Temporal patterns of disease spread: In terms of disease incidence, all the fitted mechanistic models gave a better fit compared to the untransformed data except data fitted to the monomolecular model. The gompertz model explained best, the observed variability in the incidence data with 90.86% agreement between field-observed and model-predicted disease incidence data. This model estimated the apparent infection rate to be 0.026 day‾1 and predicted the doubling time (tD) with reference to the last day of disease assessment to be 15 days. For disease severity, the exponential model best described the temporal pattern of the disease spread with a high coefficient of determination (r2) of 94.38%. Only the logistic and exponential model transformations described the pattern of disease severity better than the untransformed data. Table 2 shows the parameters estimated from the selected mechanistic models used in fitting disease intensity data.
|Fig. 1:||Average disease intensities observed on the entire zucchini squash field|
Figure 2 shows the spread of the model transformed disease incidence data points around the fitted regression functions whilst Fig. 3 shows the scatterplots generated after data from disease severity factors from the zucchini squash field were transformed by exponential, logistic monomolecular and gompertz models.
Spatial patterns of disease spread
Semivariance analyses: An autocorrelation was performed with an angle of 0° North relative to the principal axis at a tolerance limit of 180°, a Gaussian model was fitted to the data with a Residual Sum of Square (RSS) value of 1.12.
|Table 2:||Estimated disease parameters from the zucchini squash virus epidemics from fitted models|
The nugget which is a representation of the localized discontinuity, was estimated to be 0.07300. The Range of Spatial Dependence (RSD) and the sill were also estimated to be 0.63 m and 1.91400, respectively. When the angle relative to the principal axis was tilted from the initial 0-90°, the nugget variance increased to 1.58300 but the sill and the RSD remained unchanged.
Inverse distance weighting interpolation and IDW map: The Inverse Distance Weighting (IDW) interpolation model estimated large clusters of possible infections around the primary infection foci which largely occurred in quadrats five and nine. The majority of the interpolated clusters of higher incidences were toward the eastward and South-Eastern-ward direction of the disease field, particularly around the borders of these directions. The interpolated clusters of least incidences were also estimated to be in the mid-portion of the field, with few patches on the middle section of the Western border.
||Scatterplots of mechanistic model transformed disease incidence data from zucchini squash epidemics, (a) Exponit, (b) Logit, (c) Monopit and (d) Gompit of disease severity index
||Scatterplots of mechanistic model transformed disease severity data from the zucchini squash field, (a) Exponit, (b) Logit, (c) Monopit and (d) Gompit of disease severity index
|Fig. 4:||3-D Inverse Distance Weighting (IDW) Map with peaks and colour-coded regions corresponding to the level of disease intensity across the zucchini squash field|
|Fig. 5:||2-D Inverse Distance Weighting (IDW) map showing the locations of symptomatic zucchini squash plants across the zucchini squash field|
There were also isolated clusters of smaller sized incidence peaks toward the western section of the squash field. Figure 4 and 5 show 2-dimensional and 3-dimensional maps of the virus epidemic, respectively, on the zucchini squash field generated through IDW interpolation.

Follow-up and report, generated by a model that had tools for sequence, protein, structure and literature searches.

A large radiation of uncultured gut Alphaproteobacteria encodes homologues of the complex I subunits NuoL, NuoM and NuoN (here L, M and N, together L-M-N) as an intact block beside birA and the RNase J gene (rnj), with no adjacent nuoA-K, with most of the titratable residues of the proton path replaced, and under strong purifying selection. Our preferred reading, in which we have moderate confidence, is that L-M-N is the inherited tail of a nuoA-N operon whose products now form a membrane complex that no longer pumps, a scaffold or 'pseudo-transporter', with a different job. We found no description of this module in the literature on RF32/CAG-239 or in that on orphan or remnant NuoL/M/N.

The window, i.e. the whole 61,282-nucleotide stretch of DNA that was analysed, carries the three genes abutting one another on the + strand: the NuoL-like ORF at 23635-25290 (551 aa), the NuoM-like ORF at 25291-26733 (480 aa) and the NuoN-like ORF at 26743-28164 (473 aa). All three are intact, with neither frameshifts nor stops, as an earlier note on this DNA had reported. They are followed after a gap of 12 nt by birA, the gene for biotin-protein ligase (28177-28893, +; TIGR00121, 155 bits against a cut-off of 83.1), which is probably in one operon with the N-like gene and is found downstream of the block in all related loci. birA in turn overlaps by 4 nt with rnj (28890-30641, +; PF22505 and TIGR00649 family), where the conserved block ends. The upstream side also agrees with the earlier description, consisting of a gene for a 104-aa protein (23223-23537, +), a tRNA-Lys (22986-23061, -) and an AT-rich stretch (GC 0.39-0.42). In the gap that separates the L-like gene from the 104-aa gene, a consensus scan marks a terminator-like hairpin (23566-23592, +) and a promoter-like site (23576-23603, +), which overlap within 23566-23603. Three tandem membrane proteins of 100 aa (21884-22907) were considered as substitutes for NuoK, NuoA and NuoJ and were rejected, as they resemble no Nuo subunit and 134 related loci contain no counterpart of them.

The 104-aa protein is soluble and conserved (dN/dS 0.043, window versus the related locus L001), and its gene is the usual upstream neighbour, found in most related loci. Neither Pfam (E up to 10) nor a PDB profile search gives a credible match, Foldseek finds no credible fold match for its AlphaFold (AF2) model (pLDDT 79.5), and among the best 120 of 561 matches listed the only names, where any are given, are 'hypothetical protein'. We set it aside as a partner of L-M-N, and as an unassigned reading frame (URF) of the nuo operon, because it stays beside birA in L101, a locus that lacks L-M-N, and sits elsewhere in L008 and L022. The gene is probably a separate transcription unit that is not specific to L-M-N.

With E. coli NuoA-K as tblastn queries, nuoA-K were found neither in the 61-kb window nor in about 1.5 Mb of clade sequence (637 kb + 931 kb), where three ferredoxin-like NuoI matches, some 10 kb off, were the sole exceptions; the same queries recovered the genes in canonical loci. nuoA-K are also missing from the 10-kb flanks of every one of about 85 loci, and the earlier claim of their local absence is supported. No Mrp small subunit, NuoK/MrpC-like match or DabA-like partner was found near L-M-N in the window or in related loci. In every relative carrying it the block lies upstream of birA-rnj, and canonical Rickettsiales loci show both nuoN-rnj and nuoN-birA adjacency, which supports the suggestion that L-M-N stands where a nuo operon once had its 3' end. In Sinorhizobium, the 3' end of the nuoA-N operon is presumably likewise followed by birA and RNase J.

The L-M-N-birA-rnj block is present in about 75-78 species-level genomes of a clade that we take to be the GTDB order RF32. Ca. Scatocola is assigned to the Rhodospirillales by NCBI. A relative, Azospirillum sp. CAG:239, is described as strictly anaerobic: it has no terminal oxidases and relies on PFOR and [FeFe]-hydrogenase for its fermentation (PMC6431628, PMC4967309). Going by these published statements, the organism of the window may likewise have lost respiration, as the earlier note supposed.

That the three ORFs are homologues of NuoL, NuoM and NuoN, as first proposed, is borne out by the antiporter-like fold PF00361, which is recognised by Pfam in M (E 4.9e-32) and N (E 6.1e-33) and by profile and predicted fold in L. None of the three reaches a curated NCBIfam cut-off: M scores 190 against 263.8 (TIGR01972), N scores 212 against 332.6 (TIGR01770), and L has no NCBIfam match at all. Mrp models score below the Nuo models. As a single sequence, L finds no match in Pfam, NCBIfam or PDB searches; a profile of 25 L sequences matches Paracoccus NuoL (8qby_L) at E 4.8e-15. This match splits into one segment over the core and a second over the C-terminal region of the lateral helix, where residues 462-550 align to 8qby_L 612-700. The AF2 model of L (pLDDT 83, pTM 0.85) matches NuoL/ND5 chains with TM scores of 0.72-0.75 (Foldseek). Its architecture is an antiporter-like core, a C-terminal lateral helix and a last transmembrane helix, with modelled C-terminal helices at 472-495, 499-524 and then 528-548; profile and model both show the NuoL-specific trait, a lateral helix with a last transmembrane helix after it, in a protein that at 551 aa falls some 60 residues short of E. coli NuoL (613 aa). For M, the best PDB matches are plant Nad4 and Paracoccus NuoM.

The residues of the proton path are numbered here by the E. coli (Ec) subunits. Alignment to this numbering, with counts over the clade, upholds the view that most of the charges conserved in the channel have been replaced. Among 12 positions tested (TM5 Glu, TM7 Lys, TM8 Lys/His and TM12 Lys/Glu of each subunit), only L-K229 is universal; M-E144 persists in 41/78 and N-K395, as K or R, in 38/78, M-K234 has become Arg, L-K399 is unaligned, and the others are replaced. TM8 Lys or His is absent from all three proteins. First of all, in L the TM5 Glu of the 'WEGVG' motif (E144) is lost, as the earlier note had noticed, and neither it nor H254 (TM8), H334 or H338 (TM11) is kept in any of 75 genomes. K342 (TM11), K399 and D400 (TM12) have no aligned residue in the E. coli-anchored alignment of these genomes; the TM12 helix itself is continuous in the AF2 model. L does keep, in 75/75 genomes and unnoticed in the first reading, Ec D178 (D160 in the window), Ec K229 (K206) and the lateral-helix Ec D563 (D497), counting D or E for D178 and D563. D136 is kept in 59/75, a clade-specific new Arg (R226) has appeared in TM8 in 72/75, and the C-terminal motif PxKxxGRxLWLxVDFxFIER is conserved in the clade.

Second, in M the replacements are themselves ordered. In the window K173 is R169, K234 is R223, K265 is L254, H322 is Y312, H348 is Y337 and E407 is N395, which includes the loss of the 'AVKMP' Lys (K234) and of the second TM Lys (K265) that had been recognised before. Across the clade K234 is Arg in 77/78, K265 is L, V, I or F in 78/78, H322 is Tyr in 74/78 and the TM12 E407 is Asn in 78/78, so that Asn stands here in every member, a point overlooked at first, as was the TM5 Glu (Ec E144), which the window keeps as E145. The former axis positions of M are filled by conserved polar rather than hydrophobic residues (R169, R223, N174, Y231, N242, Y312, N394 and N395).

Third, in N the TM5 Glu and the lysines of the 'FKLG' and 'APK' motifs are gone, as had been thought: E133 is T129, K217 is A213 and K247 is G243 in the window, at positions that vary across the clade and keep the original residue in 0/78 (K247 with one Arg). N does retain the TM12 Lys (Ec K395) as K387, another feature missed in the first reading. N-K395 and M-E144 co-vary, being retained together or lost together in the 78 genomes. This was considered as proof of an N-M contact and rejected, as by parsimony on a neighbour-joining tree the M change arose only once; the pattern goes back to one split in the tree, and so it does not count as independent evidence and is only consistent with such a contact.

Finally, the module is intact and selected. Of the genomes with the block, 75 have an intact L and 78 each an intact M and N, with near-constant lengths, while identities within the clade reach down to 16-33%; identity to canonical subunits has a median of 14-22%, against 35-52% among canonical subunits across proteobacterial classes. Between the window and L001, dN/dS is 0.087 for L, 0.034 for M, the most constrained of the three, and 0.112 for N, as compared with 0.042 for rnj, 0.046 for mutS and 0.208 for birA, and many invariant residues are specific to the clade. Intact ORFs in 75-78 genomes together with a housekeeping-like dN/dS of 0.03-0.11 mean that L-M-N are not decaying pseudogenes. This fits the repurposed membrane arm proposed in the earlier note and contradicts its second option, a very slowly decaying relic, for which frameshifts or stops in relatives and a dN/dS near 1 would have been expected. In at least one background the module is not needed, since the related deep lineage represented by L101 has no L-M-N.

Temporal spread patterns of viral diseases on zucchini squash field: Among four models employed in the study, the gompertz model provided the best fit to the disease incidence data, with a coefficient of determination of 90.86%. Earlier workers (Vuori et al., 2006; FAO., 2013; Berger, 1981) have indicated the satisfactory use of the gompertz model in describing disease progress curves. The model is noted for its consistent and stable parameter estimates in pathosystems of oats, potato, celery, bean, rice and several others (Mohapatra et al., 2008). The gompertz curve exhibits a decline in apparent infection rate as disease intensity increases and this is actually observed in practice (Fleming, 1983). As more and more plants become infected, the probability of new infections decline due to decline in the proportion of healthy uninfected plants in the field. This accounts for the decline in the apparent infection rate as the disease intensity increases. The gompertz model is also known to be ideal for modeling time series events such as disease progress where the initial growth and growth toward the end of the time series are slowest with an exponential growth in the mid-season of the growth. This nature of disease progress was observed in the zucchini squash field. Disease incidence started at a very low value of 0.24% and by 21 DAP, due to loss of few symptomatic plants, incidence had reduced to 0.22%, however, incidence increased exponentially from 28 DAP at a value of 2.5-11.82% by 49 DAP. As at the last week of disease assessment (49 DAP), incidence was still increasing at an increasing rate (Fig. 1). This shows that though, at this stage, the zucchini squash plants had reached their maturity, the disease progress was still in its mid-season.
The Gomp-Exp law was postulated to explain the exponential growth observed in growth curves that are best described by gompertz functions and hence supposed to follow a gompertz law and not an exponential law. As at the last week of assessment, the critical size threshold had not been reached since incidence was only 11.82%. This explains why the rate of apparent infection was still increasing at an increasing rate from the 42 DAP to the 49 DAP (Fig. 1).